deployed, what will we have? What are consumers
If a utility can answer those questions positively for
consumers and show them the savings, the emotional
reaction of electricity consumers will be a positive one
that can benefit the smart grid and the industry.

20 | May 2011

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January 24-26, 2012

Henry B. Gonzalez Convention Center, San Antonio, Texas


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Reliable, Long-life Power Cable

Crucial to Wind Energy Systems

Estimated Cumulative Number of Failures

he Global Wind Energy Council (GWEC) recently

reported 22 percent growth in installed wind
energy capacity worldwide during 2010. This represented a $65 billion investment in supporting equipment and power distribution infrastructure.
To protect this investment, the balance between
total system cost and long-term system
reliability is crucial. If a wind farm developer,
independent power provider or utility
specifies quality cables made with the best
materials technology and manufactured
with exacting standards, the installation
can provide decades-long reliability with
little to no downtime for electrical losses
and expensive repairs. When it comes to
satisfying the demand for uninterrupted
power by ensuring system reliability, power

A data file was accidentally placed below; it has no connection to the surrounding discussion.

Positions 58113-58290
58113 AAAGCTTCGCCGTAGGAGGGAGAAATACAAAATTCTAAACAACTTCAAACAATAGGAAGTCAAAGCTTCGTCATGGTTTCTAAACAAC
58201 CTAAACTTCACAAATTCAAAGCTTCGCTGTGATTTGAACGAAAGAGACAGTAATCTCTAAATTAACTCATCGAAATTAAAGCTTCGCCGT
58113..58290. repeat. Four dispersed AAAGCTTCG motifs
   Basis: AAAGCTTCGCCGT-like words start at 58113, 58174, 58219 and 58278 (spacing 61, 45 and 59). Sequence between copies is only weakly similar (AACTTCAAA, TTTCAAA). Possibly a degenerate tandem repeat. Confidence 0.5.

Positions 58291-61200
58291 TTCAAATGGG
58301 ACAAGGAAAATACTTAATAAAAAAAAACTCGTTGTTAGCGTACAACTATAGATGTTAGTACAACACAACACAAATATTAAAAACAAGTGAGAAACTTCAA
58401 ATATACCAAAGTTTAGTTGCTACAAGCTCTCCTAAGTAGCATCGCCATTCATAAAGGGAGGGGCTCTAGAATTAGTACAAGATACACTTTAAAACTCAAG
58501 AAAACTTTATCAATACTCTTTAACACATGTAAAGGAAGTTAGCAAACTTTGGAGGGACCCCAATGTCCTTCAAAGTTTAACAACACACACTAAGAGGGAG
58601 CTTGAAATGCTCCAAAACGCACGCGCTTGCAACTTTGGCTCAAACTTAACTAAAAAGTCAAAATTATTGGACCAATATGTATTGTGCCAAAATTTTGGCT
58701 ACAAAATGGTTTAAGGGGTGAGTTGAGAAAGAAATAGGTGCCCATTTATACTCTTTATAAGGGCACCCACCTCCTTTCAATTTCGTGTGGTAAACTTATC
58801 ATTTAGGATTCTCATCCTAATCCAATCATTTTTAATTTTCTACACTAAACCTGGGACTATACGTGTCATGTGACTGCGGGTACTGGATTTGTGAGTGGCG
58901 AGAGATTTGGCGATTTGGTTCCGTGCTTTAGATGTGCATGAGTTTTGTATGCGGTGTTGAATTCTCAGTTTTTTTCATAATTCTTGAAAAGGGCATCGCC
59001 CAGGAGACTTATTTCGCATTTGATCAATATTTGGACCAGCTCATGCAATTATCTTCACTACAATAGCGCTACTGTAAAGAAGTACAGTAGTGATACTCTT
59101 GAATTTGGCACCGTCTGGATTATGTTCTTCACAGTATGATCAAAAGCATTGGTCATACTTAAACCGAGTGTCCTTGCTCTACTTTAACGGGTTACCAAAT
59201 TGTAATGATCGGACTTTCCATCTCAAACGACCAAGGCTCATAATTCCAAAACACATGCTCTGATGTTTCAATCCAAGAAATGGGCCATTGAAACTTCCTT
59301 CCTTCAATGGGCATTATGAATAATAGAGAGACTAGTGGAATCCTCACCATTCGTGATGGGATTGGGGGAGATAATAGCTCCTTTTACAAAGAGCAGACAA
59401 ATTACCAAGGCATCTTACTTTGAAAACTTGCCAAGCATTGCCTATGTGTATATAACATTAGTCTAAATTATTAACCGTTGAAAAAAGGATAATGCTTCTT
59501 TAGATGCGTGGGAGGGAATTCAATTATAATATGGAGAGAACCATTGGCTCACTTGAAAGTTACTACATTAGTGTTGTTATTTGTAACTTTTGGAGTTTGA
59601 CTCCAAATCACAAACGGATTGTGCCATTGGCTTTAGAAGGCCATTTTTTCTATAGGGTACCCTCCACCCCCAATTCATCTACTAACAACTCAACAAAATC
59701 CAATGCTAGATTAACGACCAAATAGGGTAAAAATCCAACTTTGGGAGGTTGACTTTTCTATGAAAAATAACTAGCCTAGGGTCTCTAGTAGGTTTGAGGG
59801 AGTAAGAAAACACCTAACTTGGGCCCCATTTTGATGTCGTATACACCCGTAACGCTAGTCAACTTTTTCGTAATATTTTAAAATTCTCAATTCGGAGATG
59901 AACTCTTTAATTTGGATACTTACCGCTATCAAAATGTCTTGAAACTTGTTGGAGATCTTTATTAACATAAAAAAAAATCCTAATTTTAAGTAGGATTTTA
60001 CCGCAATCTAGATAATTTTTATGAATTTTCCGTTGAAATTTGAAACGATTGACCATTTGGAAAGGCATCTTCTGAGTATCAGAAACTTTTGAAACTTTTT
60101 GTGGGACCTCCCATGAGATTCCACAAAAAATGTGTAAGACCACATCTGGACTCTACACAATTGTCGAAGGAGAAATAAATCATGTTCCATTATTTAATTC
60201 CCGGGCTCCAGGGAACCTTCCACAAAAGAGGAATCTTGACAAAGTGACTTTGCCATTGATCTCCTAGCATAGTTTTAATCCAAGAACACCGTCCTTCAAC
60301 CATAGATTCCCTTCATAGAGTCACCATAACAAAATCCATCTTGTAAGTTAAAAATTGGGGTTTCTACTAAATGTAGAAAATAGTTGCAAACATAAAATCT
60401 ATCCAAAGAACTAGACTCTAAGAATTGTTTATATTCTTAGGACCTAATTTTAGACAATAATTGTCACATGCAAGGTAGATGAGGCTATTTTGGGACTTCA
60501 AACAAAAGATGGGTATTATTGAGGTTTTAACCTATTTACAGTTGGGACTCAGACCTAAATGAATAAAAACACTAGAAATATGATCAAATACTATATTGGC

cable design and construction with validated
performance-based materials is critical.

of water-tree retardant XLPE or TR-XLPE insulation

for underground (UG) power cables. The cables
that move power from wind turbines to the grid
on-shore or offare subject to the same mechanical
and environmental stresses as those experienced
in the grid. Conventional wisdom dictates that



Classic XLPE
Additive W TR XLPW

10,000 20,000
As commercial wind farms have grown
Estimated Cumulative Experience (km/yr)
as viable alternative energy resources during As seen in Long-life XLPE-insulated Power Cables edited by Harry Orton, of Orton
Engineers International, and Rick Hartlein, of National Electrical Energy
the past 20 years, cross-linked polyethylene Consulting
Testing Research and Application Center (NEETRAC)
(XLPE) has been recognized as the choice
material for medium-voltage power cable construction. TR-XLPE becomes the choice material for wind farm
Its popularity for direct-buried and submarine cable 35kV UG power distribution cables.
is predicated on quality, competitiveness and reduced
long-term operating costs.
As demonstrated in traditional power distribution
An essential part of long cable life and system
networks (see Figure 1), however, XLPE, although reliability is using quality, raw materials tested